India's airports fly high on their green focus
Many of the winding streets within Europe's cities weren't designed with modern logistics needs in mind.
Air travel may still come with a large carbon footprint yet airports around the world are increasingly taking steps to make sure the departure and arrival stages of a traveler’s journey are as green as possible.
Currently, only 33 airports around the world around the world can claim to be carbon neutral. Of these, five are in the Asia Pacific region – largely in India. Delhi, Mumbai, Bengaluru and Hyderabad airports all received the Level 3+ carbon neutrality certification, the highest level of environmental achievement given to airports for their contribution in the areas of greenhouse gas management, according to the Airport Carbon Accreditation Scheme.
And this is largely down to new business models. “Privatizing airports in the last decade has resulted in world class airports that are sustainable,” says Kumar Ramaiah, Director, Energy and Sustainability Services, Asia Pacific, JLL. “Most of these airports are developed on the Public Private Partnership (PPP) model. These partnerships are often supported by the World Bank. When the World Bank gets involved, the focus includes sustainability as well.”
Solar lighting catches on
Carbon neutrality aside, Indian airports are meeting numerous benchmarks on the sustainability front. Delhi, Mumbai, Bengaluru and Hyderabad airports are also all LEED certified, with building designs that make optimal use of light, water and energy.
At Hyderabad airport more than more than 75 percent of lights along the crucial airside area have been replaced with LEDs, saving the airport 2.2 million units of electricity yearly. It’s now aiming for 100 percent LED lighting and has also commissioned a 5 MW solar power plant.
Over in Kolkata, its international airport is planning to use empty acreage to set up a 15 MW solar farm that will cut its electricity bills by 25 percent. Meanwhile Delhi’s international airport has a 2.1 MW solar installation by the runway, and also has access to an additional 5.7 MW capacity solar plant.
The push towards clean energy and sustainable design in Indian airports is not limited to its top tier cities either. The international airport at Cochin, which was the first airport in India to be developed through a PPP model as far back as October 1991, recently became the first solar powered airport in the world. Its 46,150 solar panels produce 50,000 to 60,000 units of electricity per day – more than enough to meet its energy needs with surplus energy going into the wider electricity grid.
Going beyond solar, new international terminals at the Vadodara airport in Gujarat, and the Chandigarh airport in North India have an eco-friendly design including features such as rain water harvesting and state-of-art sewage treatment.
Greater impetus for sustainability
The push for green airports coincides with India’s high levels of passenger growth, especially in terms of domestic travellers where it currently ranks behind the United States and China. By 2025 India is predicted to overtake the UK as the third largest aviation market in the world. The country will see 322 million new air passengers over the coming two decades, according to the IATA.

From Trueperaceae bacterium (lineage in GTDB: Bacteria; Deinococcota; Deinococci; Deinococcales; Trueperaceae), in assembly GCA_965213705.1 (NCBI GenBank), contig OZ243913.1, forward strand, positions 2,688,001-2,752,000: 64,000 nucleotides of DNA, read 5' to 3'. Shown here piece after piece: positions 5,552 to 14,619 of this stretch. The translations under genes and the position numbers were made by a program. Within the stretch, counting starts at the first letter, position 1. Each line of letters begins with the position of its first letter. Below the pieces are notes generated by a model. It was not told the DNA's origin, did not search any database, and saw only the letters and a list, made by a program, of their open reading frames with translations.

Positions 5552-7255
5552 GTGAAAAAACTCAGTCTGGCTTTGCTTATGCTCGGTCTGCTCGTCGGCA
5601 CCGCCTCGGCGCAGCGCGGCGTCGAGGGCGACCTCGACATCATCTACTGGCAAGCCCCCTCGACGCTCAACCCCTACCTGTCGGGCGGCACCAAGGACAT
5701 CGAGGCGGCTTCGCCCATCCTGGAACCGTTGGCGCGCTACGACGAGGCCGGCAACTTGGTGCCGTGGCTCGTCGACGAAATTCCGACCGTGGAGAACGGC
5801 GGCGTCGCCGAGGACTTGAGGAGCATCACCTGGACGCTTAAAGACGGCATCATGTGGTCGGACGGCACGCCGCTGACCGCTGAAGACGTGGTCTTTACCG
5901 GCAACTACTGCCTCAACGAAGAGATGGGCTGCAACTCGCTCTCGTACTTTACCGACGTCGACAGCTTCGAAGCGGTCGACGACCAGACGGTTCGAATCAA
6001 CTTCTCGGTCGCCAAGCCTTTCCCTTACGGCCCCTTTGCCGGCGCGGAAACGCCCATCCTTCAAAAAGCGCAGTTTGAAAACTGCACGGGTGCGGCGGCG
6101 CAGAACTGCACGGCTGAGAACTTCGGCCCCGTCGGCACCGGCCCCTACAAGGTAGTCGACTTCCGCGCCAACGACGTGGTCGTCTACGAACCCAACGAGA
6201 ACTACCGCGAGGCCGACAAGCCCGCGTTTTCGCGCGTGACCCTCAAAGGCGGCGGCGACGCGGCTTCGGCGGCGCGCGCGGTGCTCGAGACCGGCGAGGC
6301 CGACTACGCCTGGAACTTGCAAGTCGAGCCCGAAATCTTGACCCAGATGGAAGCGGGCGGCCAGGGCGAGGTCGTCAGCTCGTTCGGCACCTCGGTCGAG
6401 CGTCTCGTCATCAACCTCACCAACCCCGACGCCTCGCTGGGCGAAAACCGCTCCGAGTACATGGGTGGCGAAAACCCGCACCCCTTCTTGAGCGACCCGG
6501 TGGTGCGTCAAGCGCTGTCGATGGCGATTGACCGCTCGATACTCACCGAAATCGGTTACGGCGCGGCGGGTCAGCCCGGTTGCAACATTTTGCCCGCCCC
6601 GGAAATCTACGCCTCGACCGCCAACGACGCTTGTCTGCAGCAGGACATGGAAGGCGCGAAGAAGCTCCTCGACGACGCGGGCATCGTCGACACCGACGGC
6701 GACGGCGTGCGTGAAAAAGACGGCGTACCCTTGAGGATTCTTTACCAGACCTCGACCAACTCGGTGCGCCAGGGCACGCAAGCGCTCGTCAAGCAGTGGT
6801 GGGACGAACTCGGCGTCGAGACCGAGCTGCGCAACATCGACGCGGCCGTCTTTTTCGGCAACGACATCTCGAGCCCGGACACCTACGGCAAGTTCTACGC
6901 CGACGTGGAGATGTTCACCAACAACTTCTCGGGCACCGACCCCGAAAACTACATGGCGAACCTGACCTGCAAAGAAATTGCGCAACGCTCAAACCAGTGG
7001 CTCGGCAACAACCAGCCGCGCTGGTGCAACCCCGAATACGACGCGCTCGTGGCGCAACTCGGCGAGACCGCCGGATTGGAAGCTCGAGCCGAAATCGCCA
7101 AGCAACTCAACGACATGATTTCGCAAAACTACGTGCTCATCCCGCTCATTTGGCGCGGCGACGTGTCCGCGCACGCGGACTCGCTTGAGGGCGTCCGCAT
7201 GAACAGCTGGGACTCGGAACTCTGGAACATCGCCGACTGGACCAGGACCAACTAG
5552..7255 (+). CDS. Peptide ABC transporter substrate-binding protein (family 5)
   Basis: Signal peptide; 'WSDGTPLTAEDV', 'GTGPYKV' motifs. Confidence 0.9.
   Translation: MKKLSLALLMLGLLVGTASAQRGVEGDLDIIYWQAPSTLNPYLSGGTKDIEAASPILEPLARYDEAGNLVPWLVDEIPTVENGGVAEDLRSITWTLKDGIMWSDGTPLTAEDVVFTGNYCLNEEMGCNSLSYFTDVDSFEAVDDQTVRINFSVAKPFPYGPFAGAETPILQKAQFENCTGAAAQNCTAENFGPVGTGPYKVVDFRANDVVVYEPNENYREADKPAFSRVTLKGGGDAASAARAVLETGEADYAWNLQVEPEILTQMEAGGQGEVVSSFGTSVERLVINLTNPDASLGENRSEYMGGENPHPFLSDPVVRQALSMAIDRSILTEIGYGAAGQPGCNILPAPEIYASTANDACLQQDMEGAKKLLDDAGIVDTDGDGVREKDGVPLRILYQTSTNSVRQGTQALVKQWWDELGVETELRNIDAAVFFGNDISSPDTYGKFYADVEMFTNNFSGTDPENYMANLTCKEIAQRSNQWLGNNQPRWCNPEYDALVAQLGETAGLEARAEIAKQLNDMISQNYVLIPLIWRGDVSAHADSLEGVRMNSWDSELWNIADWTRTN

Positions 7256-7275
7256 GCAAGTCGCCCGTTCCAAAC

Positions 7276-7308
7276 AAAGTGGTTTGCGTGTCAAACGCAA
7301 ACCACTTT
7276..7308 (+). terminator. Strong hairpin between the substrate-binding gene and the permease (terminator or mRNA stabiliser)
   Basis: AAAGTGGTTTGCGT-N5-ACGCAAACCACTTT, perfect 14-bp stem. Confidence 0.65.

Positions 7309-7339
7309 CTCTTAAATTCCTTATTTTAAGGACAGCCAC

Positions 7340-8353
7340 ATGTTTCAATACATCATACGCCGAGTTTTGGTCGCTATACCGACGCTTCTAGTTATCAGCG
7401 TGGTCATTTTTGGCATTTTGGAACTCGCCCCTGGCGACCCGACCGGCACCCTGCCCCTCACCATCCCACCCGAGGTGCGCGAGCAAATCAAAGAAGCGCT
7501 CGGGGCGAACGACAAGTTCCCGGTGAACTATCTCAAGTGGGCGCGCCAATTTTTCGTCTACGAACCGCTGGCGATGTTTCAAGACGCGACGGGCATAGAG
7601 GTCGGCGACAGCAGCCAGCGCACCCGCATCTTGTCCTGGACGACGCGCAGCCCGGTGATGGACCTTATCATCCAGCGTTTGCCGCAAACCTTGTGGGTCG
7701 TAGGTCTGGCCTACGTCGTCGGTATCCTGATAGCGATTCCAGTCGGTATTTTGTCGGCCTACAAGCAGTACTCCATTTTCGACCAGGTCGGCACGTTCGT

Ramaiah observes this blistering growth is being mitigated with a more sustainable approach to airport development. “Airports are large buildings with significant electrical loads and they need to play their role in helping to reduce emissions. “And as water is becoming a scarce commodity in India, it’s all the more essential that airports play a role in helping to incorporate sustainable water-saving design and features,” he says.
The sustainability shift is part of a wider shift towards green thinking within real estate. India’s cities have been embracing green buildings, with some 644 projects obtaining LEED certification. “Almost all infrastructural projects in the country now target sustainability,” says Kumar. “It’s becoming mainstream so it’s more noticeable when companies aren’t building to meet green standards rather than when they are.”
The way forward
For Indian airports, sustainability is an ongoing journey. The Airports Authority of India (AAI) aims to install 146 MW of solar capacity across its 143 airports while supporting others measures including greater use of LED lighting and water conservation. In partnership with the Council of Scientific and Industrial research, AAI is also also undertaking a ‘noise mapping’ exercise across all its airports to better understand noise pollution levels.
Indeed, as Kumar points out, green thinking also needs to take into account the infrastructure surrounding the airport to ensure good public transport links and charging points for electric vehicles.
“While reducing carbon emissions from buildings is important, these softer green measures cannot be ignored if India’s airports are to be truly sustainable for future travelers,” he says.
Technology also has a huge part to play. “The landscape of renewable energy is fast changing, and there are new solutions like smart metering technologies and energy storage which are becoming important features,” notes Ramaiah.
“Even green building certification has become dynamic through platforms like ARC by the U.S. Green Building Council. While there is still a long way to go this new technology can help India meet its sustainability commitments and ensure it has some of the greenest airports in the world.”